Egypt’s Valley of the Kings 埃及的帝王谷
The Valley of the Kings (Arabic: وادي الملوك Wādī al Mulūk; Coptic: ϫⲏⲙⲉ, translit. džēme), also known as the Valley of the Gates of the Kings (Arabic: وادي ابواب المملوك Wādī Abwāb al Mulūk), is a valley in Egypt where, for a period of nearly 500 years from the 16th to 11th century BC, rock cut tombs were excavated for the pharaohs and powerful nobles of the New Kingdom (the Eighteenth to the Twentieth Dynasties of Ancient Egypt).
The valley stands on the west bank of the Nile, opposite Thebes (modern Luxor), within the heart of the Theban Necropolis.The wadi consists of two valleys, East Valley (where the majority of the royal tombs are situated) and West Valley.
With the 2005 discovery of a new chamber and the 2008 discovery of two further tomb entrances, the valley is known to contain 63 tombs and chambers (ranging in size from KV54, a simple pit, to KV5, a complex tomb with over 120 chambers). It was the principal burial place of the major royal figures of the Egyptian New Kingdom, as well as a number of privileged nobles. The royal tombs are decorated with scenes from Egyptian mythology and give clues as to the beliefs and funerary rituals of the period. Almost all of the tombs seem to have been opened and robbed in antiquity, but they still give an idea of the opulence and power of the pharaohs.
This area has been a focus of archaeological and egyptological exploration since the end of the eighteenth century, and its tombs and burials continue to stimulate research and interest. In modern times the valley has become famous for the discovery of the tomb of Tutankhamun (with its rumours of the curse of the pharaohs),and is one of the most famous archaeological sites in the world. In 1979, it became a World Heritage Site, along with the rest of the Theban Necropolis. Exploration, excavation and conservation continues in the valley, and a new tourist centre has recently been opened.
自十八世紀末以來，該地區一直是考古和埃及學研究的焦點，其墓葬和墓葬繼續刺激研究和興趣。在現代，山谷因發現圖坦卡蒙墓（以及法老詛咒的謠言）而聞名，並且是世界上最著名的考古遺址之一。 1979年，它與Theban Necropolis的其他地方一起成為世界遺產。山谷中的勘探，挖掘和保護工作仍在繼續，最近新的旅遊中心已經開放。
The Valley of the Kings is situated over 1,000 feet of limestone and other sedimentary rock, which form the cliffs in the valley and the nearby Deir el-Bahri, interspersed with soft layers of marl. The sedimentary rock was originally deposited between 35–56 million years ago during a time when the Mediterranean Sea sometimes extended as far south as Aswan. During the Pleistocene the valley was carved out of the plateau by steady rains. There is currently little year-round rain in this part of Egypt, but there are occasional flash floods that hit the valley, dumping tons of debris into the open tombs.
The quality of the rock in the Valley is inconsistent, ranging from finely-grained to coarse stone, the latter with the potential to be structurally unsound. The occasional layer of shale also caused construction and conservation difficulties, as this rock expands in the presence of water, forcing apart the stone surrounding it. It is thought that some tombs were altered in shape and size depending on the types of rock the builders encountered.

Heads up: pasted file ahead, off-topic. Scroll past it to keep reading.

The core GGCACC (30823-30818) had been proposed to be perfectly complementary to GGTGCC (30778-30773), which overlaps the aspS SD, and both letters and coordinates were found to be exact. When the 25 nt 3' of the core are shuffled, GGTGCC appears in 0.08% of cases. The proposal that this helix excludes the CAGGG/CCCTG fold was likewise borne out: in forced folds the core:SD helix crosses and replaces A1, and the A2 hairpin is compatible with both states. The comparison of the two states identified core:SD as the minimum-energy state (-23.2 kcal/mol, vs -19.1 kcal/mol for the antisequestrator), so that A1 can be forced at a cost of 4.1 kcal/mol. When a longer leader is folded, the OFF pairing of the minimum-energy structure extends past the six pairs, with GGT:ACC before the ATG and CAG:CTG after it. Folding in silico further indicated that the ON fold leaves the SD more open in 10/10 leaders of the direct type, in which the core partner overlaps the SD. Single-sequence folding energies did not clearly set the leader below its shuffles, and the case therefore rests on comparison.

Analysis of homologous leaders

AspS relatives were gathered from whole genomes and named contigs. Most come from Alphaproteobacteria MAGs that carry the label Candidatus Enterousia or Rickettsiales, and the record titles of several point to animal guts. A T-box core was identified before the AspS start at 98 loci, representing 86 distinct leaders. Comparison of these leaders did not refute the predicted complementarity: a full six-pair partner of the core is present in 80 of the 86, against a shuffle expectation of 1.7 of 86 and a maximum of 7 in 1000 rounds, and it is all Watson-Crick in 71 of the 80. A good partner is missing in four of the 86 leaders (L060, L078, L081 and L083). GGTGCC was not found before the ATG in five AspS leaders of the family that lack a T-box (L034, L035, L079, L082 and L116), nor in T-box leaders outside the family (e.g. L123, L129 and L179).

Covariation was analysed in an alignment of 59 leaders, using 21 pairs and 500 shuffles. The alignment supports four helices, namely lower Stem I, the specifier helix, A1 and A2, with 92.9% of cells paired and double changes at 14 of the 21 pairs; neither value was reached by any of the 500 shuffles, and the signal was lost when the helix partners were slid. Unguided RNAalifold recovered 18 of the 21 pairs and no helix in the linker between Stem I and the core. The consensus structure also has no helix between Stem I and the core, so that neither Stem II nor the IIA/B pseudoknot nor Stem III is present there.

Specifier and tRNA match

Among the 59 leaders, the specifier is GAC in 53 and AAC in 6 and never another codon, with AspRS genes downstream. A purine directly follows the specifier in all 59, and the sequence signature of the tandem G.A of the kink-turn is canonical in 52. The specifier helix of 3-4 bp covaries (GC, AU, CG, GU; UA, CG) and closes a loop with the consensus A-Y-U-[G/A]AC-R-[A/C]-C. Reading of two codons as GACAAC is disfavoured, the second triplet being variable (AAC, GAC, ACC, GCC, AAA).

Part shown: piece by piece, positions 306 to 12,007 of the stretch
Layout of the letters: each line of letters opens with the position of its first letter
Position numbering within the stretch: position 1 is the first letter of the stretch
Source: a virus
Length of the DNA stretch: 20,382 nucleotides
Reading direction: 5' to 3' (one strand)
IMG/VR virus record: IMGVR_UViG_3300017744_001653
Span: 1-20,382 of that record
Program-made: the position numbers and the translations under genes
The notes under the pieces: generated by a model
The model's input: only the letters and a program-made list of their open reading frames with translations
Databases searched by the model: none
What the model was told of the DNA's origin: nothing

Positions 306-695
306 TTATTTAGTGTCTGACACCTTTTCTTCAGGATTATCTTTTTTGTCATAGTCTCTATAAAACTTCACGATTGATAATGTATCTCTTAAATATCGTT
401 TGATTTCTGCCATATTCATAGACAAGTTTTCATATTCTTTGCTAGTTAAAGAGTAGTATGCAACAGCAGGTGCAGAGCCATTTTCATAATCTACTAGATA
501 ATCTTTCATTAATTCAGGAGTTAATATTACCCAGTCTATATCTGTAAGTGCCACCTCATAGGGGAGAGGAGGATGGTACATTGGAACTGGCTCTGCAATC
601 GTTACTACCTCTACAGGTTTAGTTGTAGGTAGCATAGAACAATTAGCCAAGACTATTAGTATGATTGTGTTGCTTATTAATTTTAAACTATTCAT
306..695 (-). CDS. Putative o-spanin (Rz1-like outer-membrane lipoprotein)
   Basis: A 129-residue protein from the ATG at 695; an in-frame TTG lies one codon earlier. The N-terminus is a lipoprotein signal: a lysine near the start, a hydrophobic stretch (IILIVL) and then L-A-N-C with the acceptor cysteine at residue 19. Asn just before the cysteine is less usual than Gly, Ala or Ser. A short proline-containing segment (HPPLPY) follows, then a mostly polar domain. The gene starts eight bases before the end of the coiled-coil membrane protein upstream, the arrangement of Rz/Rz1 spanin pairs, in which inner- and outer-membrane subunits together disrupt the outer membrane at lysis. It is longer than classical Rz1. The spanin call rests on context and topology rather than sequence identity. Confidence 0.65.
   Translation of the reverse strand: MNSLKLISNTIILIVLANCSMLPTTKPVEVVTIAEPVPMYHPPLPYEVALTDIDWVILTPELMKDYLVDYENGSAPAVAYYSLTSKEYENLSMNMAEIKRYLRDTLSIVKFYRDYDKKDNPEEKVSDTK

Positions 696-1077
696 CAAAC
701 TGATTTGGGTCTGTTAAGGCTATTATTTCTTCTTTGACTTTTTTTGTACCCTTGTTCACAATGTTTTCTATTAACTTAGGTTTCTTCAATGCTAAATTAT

Builders took advantage of available geological features when constructing the tombs. Some tombs were quarried out of existing limestone clefts, others behind slopes of scree, or were at the edge of rock spurs created by ancient flood channels.
The problems of tomb construction can be seen with tombs of Ramesses III and his father Setnakhte. Setnakhte started to excavate KV11 but broke into the tomb of Amenmesse, so construction was abandoned and he instead usurped the tomb of Twosret, KV14. When looking for a tomb, Ramesses III extended the partly-excavated tomb started by his father. The tomb of Ramesses II returned to an early style, with a bent axis, probably due to the quality of the rock being excavated (following the Esna shale).
Between 1998 and 2002 the Amarna Royal Tombs Project investigated the valley floor using ground-penetrating radar and found that, below the modern surface, the Valley’s cliffs descend beneath the scree in a series of abrupt, natural “shelves”, arranged one below the other, descending several metres down to the bedrock in the valley floor.
The area of the Theban hills is subject to infrequent violent thunderstorms, causing flash floods in the valley. Recent studies have shown that there are at least seven active flood stream beds leading down into the central area of the valley. This central area appears to have been flooded at the end of the Eighteenth Dynasty, with several tombs buried under metres of debris. The tombs KV63, KV62, and KV55 are dug into the actual wadi bedrock rather than the debris, showing that the level of the valley was five meters below its present level. After this event later dynasties leveled the floor of the valley, making the floods deposit their load further down the valley, and the buried tombs were forgotten and only discovered in the early 20th century. This was the area that was the subject of the Amarna Royal Tombs Project ground scanning radar investigation, which showed several anomalies, one of which was proved to be KV63.
Theban丘陵地區遭受罕見的暴風雷暴，導致山谷中的山洪暴發。 最近的研究表明，至少有七個活躍的洪水床通向山谷的中心區域。 這個中心區域似乎在第十八王朝末期被淹沒，有幾座墓葬埋在數米的碎片之下。 墳墓KV63，KV62和KV55被挖到實際的干河基岩而不是碎片，表明山谷的水位低於其現有水平5米。 在此事件之後，朝代將山谷的地面夷為平地，使洪水將山谷中的沉積物埋下去，埋葬的墓葬被遺忘，僅在20世紀初被發現。 這是Amarna皇家陵墓項目地面掃描雷達調查的主題區域，其中顯示了幾個異常，其中一個被證明是KV63。